Overseas property buyers are sensing an opportunity as the UK says au revoir to the European Union
With the UK still struggling to grasp the full repercussions of Brexit and prime minister Boris Johnson’s leadership, its UK property market is looking increasingly attractive to foreign investors thanks to the country’s weak currency—and the prospect of snapping up some Brexit bargains has not escaped the attention of high-net-worth Hong Kong buyers.
“We’ve seen a huge influx of enquiries and an increase in super and prime London deals being done from Hong Kong and China,” says Mark Elliott, head of international residential for Savills.
A recent Savills study calculated that a Hong Kong buyer purchasing a London property that would have cost £5 million at the peak of the market in 2014, before changes to stamp duty rates, could now buy at a discount of 33 per cent, thanks to the divergence between the pound and the US dollar, to which the Hong Kong dollar is pegged.
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We have seen a huge influx of enquiries and an increase in super and prime London deals being done from Hong Kong and China – Boris Johnson
Some property specialists claim even bigger discounts. “The current status of the pound means that for dollar-denominated buyers, prime London property is about 40 per cent cheaper than it was in 2014,” says Katherine O’Shea of Coutts Real Estate Investment Service.
Prime properties are defined as homes valued at between £1 million and £10 million, while anything above that is classed as super-prime.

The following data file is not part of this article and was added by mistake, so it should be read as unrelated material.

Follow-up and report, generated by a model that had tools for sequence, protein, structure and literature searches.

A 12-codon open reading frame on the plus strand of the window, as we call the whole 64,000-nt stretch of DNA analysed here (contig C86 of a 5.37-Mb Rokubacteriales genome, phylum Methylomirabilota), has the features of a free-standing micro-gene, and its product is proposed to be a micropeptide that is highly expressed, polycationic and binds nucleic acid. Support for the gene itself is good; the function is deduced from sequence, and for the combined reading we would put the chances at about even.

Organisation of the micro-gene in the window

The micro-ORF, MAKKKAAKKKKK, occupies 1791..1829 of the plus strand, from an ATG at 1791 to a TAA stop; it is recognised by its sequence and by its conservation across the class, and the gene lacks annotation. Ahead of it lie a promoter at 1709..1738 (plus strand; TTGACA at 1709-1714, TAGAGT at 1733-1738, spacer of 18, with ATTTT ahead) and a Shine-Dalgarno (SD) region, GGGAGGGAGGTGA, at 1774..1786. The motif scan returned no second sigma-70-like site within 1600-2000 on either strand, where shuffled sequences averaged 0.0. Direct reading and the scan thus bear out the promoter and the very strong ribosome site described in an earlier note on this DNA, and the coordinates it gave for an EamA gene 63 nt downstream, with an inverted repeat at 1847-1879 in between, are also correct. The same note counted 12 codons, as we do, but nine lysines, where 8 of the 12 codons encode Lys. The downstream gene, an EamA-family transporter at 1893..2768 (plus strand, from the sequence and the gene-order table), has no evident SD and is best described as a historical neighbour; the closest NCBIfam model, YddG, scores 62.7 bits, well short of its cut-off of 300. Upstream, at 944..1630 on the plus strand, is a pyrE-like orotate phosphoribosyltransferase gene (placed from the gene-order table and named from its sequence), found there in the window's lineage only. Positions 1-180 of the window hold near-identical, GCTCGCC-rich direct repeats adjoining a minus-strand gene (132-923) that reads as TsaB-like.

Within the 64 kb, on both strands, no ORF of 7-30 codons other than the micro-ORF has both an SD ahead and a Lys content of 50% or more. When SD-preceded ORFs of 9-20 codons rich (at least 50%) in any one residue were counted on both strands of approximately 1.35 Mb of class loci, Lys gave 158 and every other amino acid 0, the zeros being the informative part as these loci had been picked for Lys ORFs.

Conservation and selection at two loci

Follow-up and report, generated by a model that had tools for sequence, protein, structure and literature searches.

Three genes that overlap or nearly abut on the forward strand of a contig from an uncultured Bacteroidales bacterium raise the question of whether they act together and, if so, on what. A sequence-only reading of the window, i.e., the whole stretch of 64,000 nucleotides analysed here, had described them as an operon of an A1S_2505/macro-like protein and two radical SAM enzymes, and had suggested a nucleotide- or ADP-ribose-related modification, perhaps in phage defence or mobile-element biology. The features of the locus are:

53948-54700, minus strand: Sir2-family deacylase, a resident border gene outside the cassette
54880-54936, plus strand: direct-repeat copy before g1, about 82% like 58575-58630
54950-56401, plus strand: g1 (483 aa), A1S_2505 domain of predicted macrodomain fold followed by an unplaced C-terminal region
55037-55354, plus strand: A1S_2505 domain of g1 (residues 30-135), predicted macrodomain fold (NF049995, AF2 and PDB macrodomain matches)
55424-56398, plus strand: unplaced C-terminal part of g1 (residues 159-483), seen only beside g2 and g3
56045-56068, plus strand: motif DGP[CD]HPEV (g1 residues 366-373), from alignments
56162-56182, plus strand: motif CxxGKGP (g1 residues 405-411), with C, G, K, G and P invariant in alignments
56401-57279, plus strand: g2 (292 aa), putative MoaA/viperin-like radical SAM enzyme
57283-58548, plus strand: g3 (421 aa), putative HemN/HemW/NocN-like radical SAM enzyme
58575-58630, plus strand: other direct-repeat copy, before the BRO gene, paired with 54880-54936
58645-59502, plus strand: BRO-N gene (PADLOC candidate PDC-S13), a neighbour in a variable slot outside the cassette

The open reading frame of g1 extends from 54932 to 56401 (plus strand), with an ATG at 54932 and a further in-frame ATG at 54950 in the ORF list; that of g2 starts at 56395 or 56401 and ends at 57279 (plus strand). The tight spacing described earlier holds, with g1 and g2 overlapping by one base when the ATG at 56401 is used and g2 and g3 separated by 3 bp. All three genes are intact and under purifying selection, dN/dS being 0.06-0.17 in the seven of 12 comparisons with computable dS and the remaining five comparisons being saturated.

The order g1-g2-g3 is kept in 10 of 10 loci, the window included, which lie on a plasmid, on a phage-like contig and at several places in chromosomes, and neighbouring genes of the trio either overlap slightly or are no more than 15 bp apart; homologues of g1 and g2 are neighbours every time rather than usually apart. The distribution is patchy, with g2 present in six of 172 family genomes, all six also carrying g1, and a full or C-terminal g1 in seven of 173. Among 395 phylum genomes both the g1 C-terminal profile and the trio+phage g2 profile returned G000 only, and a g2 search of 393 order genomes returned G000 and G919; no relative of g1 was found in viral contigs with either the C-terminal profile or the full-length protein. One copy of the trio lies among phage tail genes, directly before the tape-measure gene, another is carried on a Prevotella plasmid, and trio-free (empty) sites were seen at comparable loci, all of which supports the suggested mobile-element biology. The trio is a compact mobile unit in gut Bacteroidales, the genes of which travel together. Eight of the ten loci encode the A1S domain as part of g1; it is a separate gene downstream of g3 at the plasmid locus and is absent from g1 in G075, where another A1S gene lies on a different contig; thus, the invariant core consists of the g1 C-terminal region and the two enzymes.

While these properties are currently priced at steep discounts compared to five years ago, they could have even further to fall. The Bank of England’s worst case scenario for Brexit predicted a 35 per cent drop in house prices. Such an extreme outcome is very unlikely, but a few doubt that prices will head downward—especially in dollar terms.
On the face of it, this seems like a great time to buy luxury property in London. Sales are at a six-year low, properties are staying on the market for more than six months and buyers are getting almost 13 per cent off the asking price on average, according to Coutts.
But Elliott says that there are some potential challenges that buyers should be aware of. “You would think it would be a buyers’ market with what you hear in the press and on the ground locally,” he says. “But the reality we see is very different.”
A big part of the problem is the lack of supply coming through the planning pipeline. Elliott says there are two reasons for this: development funding is harder to obtain from banks, and local councils are less willing to grant planning permission.
At the top of the market, in locations such as South Kensington, Mayfair and Marylebone, wealthy buyers are starting to pay closer attention to the asking price and developers are no longer offering the same kinds of discounts they were a year ago.